It feels like Friday, but it’s Wednesday (I almost said Tuesday. That’s how out of sync I feel.) I finished reading another good book last night (Cilka’s Journey by Heather Morris) and now I’m on the prowl for my next read.) The more I stay at home, the less desire I have to go out.
I want to spend an hour or so, virtually, in the company of women, playing with watercolour and conversing, but I have things on the go and a little dog who demands my attention so I steal delicious snippets in which I can be present. It has to be enough. I work on a painting where
Some weeks drag, others seem to pass by in the blink of a eye. This was one of the latter. (On that note, we seem to be moving through February at an equally swift pace. Strange, for a short month that usually seems so long.) Anyway, it’s time for Friday’s Fave Five—an opportunity to look
That I am optimistic enough to attempt to pull together a post for Friday’s Fave Five this week is a statement in and of itself about the lifting of the metaphoric fog I’ve stumbled around in for months. As Martha would say, “It’s a good thing.” So here we go. A pedi. For years, going
I can’t order proof copies of new unpublished books from Amazon KDP (Kindle Direct Publishing) because of COVID and the fact that I’m in Canada which, of course, in the grand scheme is insignificant but in my little world is an annoyance. It also makes absolutely no sense. I need to get creative to do
I wake from a dream in which I had returned to work in a similar role as one I was once very proficient in. I was, shall we say, less so in the dream and in my early wakefulness ponder what I remember and what’s lost to me about the technical aspect of my former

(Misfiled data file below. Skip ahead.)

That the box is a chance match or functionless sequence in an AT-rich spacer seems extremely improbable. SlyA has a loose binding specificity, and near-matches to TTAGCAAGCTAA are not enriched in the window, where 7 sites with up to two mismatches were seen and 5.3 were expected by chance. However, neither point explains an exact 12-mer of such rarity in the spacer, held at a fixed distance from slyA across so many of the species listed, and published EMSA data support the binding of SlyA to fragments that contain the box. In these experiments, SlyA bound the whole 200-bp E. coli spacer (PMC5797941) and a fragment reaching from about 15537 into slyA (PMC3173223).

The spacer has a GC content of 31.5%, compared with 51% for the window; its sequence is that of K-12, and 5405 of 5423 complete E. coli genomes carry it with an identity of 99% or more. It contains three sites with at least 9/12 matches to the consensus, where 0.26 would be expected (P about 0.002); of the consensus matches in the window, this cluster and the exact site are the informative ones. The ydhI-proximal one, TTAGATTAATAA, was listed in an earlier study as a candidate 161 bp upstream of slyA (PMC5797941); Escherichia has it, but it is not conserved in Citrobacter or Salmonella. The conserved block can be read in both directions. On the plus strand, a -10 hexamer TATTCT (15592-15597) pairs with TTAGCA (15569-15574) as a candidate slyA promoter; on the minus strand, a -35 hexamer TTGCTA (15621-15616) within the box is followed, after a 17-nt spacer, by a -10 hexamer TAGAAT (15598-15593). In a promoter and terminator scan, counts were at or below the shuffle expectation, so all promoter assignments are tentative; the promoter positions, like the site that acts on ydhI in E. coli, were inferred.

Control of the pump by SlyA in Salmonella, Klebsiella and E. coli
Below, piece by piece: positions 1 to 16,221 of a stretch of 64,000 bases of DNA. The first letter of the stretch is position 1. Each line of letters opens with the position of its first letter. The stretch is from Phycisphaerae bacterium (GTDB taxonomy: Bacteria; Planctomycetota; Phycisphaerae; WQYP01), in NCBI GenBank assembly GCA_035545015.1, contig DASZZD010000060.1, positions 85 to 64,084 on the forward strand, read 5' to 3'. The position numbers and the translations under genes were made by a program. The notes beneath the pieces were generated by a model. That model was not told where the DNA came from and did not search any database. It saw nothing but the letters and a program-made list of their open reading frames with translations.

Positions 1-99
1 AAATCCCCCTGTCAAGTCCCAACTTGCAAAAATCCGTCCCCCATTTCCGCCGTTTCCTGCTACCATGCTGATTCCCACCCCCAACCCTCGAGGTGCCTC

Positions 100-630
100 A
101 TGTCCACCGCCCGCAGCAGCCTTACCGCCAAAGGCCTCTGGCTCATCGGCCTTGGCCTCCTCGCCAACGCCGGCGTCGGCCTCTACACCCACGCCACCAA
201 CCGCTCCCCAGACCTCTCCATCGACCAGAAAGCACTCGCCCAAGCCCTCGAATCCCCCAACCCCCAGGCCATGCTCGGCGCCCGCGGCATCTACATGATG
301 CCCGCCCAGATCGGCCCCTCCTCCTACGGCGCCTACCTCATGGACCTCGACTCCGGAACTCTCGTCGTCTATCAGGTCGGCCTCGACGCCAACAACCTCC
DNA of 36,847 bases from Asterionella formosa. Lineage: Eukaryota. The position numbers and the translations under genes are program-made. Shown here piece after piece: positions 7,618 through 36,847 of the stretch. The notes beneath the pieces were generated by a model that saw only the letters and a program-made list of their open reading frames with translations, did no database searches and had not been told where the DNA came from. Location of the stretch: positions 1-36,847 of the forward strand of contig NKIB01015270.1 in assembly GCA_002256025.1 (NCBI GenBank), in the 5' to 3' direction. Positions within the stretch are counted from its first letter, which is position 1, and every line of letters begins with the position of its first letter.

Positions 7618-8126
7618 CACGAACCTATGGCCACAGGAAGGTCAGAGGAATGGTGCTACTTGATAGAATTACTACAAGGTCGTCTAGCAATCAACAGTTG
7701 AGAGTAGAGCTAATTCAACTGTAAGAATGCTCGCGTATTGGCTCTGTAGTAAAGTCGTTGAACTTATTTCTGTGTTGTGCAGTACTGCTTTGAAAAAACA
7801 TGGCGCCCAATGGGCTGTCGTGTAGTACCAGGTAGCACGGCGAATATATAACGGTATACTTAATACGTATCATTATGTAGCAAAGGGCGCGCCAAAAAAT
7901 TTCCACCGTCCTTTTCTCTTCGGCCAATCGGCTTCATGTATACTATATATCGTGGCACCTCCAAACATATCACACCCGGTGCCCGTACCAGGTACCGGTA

As I’ve been pondering blogging, what it once was, and what I imagine it returning to now, I remembered The Simple Woman’s Daybook. Months ago, when I was really struggling, I began listing things in my journal that I saw, smelled, tasted, heard, and felt as a grounding practice. It sounds simple, but it helped.
My granddaughter and I dabble with watercolor in my woman cave. It’s her first experience with the medium and, as a creative, she enjoys every new step. Mixing paint. Washing it onto wet paper and watching it bleed. Pulling tape off the edges of a finished painting. All deemed, in her words, “satisfying.” She hands
When I decided to start playing with watercolour I was overwhelmed by choice. Paints, palettes, paper, brushes. I researched and studied and made decisions that were right for me—all the while washing paint on wet paper and being fascinated by the process. I wasn’t sure what I wanted to paint. Loose flowers, more true-to-life botanicals,
Gerry and I have been playing chess regularly for over a year. When we first started, I made foolish moves and didn’t think ahead. It was a given that he’d capture my king but I was determined to improve so I persevered. Loss after loss. Angst upon angst. Until, one day, I won! I let
I’m at the park, kneeling at my tripod and looking through the viewfinder at some flowers I don’t know the name of. What someone somewhere called them in the past doesn’t matter. They’re growing here today and I’m appreciating their unique beauty and attempting to capture a reasonable digital representation. Sometimes I catch glimmers of